Q11) The main reason why the use of semi-automatic dip transfer MIG/MAG welding is prohibited for some high-integrity applications is because?
  1. It may produce a lot of spatter
  2. The weld metal toughness is always poor
  3. It very often gives lack of sidewall fusion defects
  4. Wire feeding problems mean there are usually far too many stop-start regions

(Explanation: The semi-automatic dip transfer mode in MIG/MAG welding is characterized by the intermittent transfer of molten metal in the form of droplets from the welding wire to the weld pool. The reason why it is often prohibited for high-integrity applications is that it can very often result in a lack of sidewall fusion defects.)

Q12) Which of the following current types would be used for welding aluminum with the TIG welding process?
  1. AC
  2. DC +ve electrode
  3. DC –ve electrode
  4. All of the above could be used successfully

(Explanation: AC is effective for welding aluminum because it helps in cleaning the aluminum oxide layer from the surface during the welding process. This prevents oxide buildup on the tungsten electrode and contributes to better overall weld quality when working with aluminum.)

Q13) Which of the following welding processes would you expect to use a collet:
  1. TIG
  2. MIG / MAG
  3. MMA
  4. All of the above

(Explanation: A collet is commonly used in TIG (Tungsten Inert Gas) welding. Collet is the part of the torch assembly and is responsible for holding and securing the tungsten electrode. The collet exerts pressure on the electrode, keeping it in place while allowing for adjustments and replacements as needed.)

Q14) The spray transfer mode of GMAW is characterized by……..
  1. Giving deep penetration
  2. Being suitable for positional welding
  3. Giving excessive spatter
  4. All of the above

(Explanation: In the spray transfer mode, the welding wire is typically charged with high current, and the metal transfer occurs in a spray-like fashion. This mode is often used in applications where deep penetration into the base metal is required.)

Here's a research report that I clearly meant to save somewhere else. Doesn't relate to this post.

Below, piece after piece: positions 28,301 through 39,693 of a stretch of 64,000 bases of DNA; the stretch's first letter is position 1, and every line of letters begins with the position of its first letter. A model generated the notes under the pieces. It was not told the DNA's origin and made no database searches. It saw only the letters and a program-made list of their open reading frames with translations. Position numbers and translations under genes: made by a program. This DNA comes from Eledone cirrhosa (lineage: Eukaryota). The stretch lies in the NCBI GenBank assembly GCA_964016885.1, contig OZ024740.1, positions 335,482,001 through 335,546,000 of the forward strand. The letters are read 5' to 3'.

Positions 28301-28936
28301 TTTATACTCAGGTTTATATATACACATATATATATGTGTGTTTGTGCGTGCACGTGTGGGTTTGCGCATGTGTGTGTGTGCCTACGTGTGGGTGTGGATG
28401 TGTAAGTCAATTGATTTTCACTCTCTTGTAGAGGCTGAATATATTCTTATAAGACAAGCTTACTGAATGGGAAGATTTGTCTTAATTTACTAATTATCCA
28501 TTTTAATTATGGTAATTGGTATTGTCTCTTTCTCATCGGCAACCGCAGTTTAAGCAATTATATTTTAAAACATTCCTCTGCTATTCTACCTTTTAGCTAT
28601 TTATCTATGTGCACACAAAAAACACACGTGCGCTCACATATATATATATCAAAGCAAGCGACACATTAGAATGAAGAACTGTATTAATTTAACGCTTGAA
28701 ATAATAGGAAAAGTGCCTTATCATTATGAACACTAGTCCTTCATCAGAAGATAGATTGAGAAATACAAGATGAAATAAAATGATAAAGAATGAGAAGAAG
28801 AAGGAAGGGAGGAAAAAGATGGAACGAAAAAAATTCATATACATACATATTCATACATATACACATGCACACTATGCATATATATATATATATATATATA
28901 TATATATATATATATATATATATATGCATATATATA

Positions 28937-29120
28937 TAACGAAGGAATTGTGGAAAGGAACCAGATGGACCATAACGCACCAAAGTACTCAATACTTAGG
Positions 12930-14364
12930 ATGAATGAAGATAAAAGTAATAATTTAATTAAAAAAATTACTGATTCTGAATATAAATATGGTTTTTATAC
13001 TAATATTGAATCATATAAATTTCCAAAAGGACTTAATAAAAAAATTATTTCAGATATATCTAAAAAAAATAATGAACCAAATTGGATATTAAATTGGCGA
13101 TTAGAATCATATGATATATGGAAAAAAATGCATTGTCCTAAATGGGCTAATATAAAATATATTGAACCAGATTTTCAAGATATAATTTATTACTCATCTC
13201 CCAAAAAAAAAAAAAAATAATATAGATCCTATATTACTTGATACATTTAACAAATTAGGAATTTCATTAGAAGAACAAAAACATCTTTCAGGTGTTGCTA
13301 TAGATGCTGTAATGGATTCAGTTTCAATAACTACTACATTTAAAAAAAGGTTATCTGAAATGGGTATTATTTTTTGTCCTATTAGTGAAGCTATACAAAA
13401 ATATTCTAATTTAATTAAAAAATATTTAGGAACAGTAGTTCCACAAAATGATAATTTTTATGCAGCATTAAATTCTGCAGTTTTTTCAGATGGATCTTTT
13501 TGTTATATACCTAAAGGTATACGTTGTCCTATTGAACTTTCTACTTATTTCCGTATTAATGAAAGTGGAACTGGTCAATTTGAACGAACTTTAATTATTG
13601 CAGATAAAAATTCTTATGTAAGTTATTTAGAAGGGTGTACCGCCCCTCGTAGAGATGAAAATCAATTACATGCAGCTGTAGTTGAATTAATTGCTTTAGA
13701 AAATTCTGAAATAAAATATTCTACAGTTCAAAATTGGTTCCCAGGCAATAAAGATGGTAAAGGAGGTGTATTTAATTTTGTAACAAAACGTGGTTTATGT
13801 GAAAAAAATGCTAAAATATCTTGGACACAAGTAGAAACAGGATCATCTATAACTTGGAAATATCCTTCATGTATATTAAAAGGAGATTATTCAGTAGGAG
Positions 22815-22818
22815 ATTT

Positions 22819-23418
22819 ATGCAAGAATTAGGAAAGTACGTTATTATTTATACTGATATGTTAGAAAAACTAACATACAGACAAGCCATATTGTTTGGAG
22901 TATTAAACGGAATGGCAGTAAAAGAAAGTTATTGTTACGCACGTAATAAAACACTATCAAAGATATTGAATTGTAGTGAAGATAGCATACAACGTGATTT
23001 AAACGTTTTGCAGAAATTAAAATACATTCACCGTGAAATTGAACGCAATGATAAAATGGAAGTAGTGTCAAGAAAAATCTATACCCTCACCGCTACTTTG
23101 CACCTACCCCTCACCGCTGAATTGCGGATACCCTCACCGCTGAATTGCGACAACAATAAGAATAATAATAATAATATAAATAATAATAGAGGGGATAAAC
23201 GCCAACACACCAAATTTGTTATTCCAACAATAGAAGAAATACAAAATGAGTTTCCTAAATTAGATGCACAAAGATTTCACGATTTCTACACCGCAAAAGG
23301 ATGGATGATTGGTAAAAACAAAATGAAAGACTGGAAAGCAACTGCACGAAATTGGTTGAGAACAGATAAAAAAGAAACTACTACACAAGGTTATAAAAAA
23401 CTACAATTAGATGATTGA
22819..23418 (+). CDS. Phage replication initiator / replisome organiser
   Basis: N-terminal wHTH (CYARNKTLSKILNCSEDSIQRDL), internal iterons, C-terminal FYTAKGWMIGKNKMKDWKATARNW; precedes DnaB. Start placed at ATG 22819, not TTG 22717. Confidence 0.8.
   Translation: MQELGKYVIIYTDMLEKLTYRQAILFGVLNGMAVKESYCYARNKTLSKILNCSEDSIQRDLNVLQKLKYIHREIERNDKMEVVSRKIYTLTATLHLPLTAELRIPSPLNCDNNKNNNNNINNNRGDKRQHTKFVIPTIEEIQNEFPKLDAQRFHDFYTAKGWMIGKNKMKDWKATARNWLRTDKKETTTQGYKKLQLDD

Q14) In positional MMA welding (SMAW) on pipework, welders are having difficulty in obtaining good capping profiles when welding in the overhead position. You would..
  1. Advise them to increase the current
  2. Advise them to increase the voltage
  3. Ask for a new welding team
  4. Suggest the use of a smaller diameter electrode

(Correct Answer: d. Suggest the use of a smaller diameter electrode.

A smaller diameter electrode can offer better control and deposition of weld metal in positional welding. It allows for more precise placement of the filler metal, making it easier to achieve a desirable capping profile, especially in challenging positions like overhead welding.

Conflict: b. Advise them to increase the voltage.

Increasing the voltage is often a more common and straightforward adjustment to improve wetting and fusion of the weld metal, especially in overhead welding positions. It can help achieve better capping profiles by promoting smoother and more consistent deposition.

So, both Option b and Option d can be relevant suggestions to address the issue. The choice between the two may depend on the specific welding conditions and the welder’s preference or experience.)

Q15) MMA electrode can be grouped into three main types. These are:
  1. Basic, Cellulosic and Rutile
  2. Neutral, Cellulosic and Rutile
  3. Basic, Cellulosic and neutral
  4. None of the above

(Explanation: Basic, Cellulosic & Rutile is a grouping of MMA Welding (SMAW) based on their flux coverings. Examples are;

  • Basic Electrode Example: E7018
  • Cellulosic Electrode Example: E6010
  • Rutile Electrode Example: E6013)
Q16) Which of the following welding processes would give the highest heat input when using typical parameters?
  1. Tungsten Inert Gas welding
  2. Manual Metal Arc welding
  3. Submerged Arc welding
  4. Metal Active Gas welding

(Explanation: The continuous feeding of the electrode and the use of granular flux contribute to sustained and intense heat, making SAW effective for welding thick materials and achieving deep penetration)

Q17) The term “low hydrogen electrode” is often used for certain electrodes. What type of covering will they have?
  1. Cellulosic
  2. Rutile
  3. Basic
  4. Acid

(Explanation: The term “low hydrogen electrode” is often associated with electrodes that have a basic covering. These electrodes are designed to deposit weld metal with low levels of hydrogen, which is crucial for preventing hydrogen-induced cracking in the weld metal. Basic-coated electrodes are often used in applications where hydrogen-induced cracking is a concern, such as welding high-strength steels and critical applications.)

Q18) MMA welds made with damaged electrode coatings are subject to:
  1. Porosity
  2. Undercut
  3. Excessive penetration
  4. Excessive bead height

(Explanation: Damage electrode coating can lead to contamination and the release of gases during welding, resulting in porosity in the weld. Porosity is the formation of small cavities or voids within the weld metal, and it can weaken the weld and adversely affect its mechanical properties.)